Thank you for pointing out that a window replacement done right can give you an increased comfort. My husband and I are needing to replace a few windows on our ground level and need to find the best company to do it for us. I’ll have to do some research and find the best window company in the area.
Ellie, You are smart to recognize that you can replace just a few windows at a time.
I agree that replacing windows by yourself isn’t an easy process, so it’s better to hire professionals. Installing glass requires sufficient experience and training in order to make the job go smoothly. My mom is in need of new windows, so I’ll help her find a glass service in her area in order to satisfy her needs.
Two of my front windows are chipped and cracked, so I would like to replace them. I love how you pointed out that I should look into getting windows with UV protection, as it will help keep in the heat or the cold. Thanks for the great article on the pros and cons of replacement windows.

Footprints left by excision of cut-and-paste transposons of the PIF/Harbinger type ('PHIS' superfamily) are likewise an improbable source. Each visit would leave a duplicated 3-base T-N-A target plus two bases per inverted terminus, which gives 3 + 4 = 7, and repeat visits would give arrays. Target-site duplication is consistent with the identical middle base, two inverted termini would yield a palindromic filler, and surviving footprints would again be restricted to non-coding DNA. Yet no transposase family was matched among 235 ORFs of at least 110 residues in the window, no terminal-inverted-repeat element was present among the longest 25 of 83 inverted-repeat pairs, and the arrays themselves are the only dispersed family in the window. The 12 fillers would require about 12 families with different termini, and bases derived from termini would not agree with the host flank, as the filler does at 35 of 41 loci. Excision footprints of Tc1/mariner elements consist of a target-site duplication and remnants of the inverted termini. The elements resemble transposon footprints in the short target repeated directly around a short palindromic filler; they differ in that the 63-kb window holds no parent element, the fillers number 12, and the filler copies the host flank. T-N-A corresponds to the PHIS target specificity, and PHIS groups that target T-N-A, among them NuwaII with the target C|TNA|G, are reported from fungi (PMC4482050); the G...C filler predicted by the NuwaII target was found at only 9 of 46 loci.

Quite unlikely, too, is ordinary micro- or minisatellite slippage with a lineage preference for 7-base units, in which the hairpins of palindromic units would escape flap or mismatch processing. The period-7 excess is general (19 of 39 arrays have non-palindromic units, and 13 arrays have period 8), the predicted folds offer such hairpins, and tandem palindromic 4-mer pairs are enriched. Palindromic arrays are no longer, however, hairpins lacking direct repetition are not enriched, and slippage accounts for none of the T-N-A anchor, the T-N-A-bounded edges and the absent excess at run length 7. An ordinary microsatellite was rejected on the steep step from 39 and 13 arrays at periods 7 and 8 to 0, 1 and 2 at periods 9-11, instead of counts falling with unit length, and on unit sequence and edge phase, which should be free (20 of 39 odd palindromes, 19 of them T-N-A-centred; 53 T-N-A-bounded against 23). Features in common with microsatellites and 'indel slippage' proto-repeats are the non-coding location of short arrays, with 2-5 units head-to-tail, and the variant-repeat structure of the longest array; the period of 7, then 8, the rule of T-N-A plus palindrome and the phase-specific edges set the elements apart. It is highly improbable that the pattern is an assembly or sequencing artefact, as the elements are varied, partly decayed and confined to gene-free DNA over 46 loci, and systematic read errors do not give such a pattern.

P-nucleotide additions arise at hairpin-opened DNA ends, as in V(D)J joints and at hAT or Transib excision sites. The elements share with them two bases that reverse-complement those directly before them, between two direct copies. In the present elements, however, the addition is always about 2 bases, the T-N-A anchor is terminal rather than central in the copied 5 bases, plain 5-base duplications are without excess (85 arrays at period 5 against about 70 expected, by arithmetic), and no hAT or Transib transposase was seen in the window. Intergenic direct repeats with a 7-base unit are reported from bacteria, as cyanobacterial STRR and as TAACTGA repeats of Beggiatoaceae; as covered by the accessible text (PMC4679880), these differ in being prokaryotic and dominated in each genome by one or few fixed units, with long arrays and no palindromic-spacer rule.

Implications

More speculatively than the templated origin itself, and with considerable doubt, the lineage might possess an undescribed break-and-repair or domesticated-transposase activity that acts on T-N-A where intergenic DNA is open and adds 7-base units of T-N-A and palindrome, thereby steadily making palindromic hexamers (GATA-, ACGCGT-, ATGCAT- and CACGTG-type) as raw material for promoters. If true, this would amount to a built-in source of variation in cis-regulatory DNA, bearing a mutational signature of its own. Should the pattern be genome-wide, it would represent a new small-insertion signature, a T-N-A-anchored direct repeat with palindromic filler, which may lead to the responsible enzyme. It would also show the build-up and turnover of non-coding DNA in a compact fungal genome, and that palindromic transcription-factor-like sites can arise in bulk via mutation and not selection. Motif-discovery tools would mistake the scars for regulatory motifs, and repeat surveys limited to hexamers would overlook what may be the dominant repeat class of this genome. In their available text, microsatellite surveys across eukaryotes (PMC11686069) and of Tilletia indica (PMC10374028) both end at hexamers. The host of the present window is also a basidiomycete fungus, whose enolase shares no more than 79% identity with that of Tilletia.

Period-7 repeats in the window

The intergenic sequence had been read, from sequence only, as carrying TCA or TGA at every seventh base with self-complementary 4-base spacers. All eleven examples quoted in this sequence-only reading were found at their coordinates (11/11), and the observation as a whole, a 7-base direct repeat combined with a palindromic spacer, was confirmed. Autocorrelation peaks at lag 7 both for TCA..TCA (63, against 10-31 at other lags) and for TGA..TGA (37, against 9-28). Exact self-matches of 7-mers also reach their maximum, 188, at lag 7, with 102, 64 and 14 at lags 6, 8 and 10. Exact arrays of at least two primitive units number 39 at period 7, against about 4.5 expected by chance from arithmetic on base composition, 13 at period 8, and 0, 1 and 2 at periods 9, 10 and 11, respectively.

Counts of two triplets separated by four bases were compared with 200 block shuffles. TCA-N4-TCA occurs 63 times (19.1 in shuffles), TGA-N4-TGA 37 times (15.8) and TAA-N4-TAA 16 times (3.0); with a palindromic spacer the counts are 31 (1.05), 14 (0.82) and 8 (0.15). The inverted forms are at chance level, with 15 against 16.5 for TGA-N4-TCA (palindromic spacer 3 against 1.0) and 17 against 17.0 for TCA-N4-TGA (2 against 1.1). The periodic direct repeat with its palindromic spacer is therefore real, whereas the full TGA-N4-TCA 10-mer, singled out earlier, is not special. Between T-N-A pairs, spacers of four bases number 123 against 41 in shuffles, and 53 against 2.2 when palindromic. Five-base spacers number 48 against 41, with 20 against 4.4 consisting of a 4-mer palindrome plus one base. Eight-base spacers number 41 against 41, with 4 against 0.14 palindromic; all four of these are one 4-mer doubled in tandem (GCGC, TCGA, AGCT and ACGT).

My wife and I want to get new windows when we remodel our living room, so thanks for sharing this. I like your point about how some windows can block close to 99% of UV rays without sacrificing light. I’ll be sure to look into this a bit so I can get plenty of natural light without the risk of sunburn.
This is some really good information about window repair. It is good to know that if your window is super damaged you should consider getting newer and bigger windows instead. That does seem like it would help improve the value of your home if you do that.
Thank you for posting. I enjoyed reading. 😀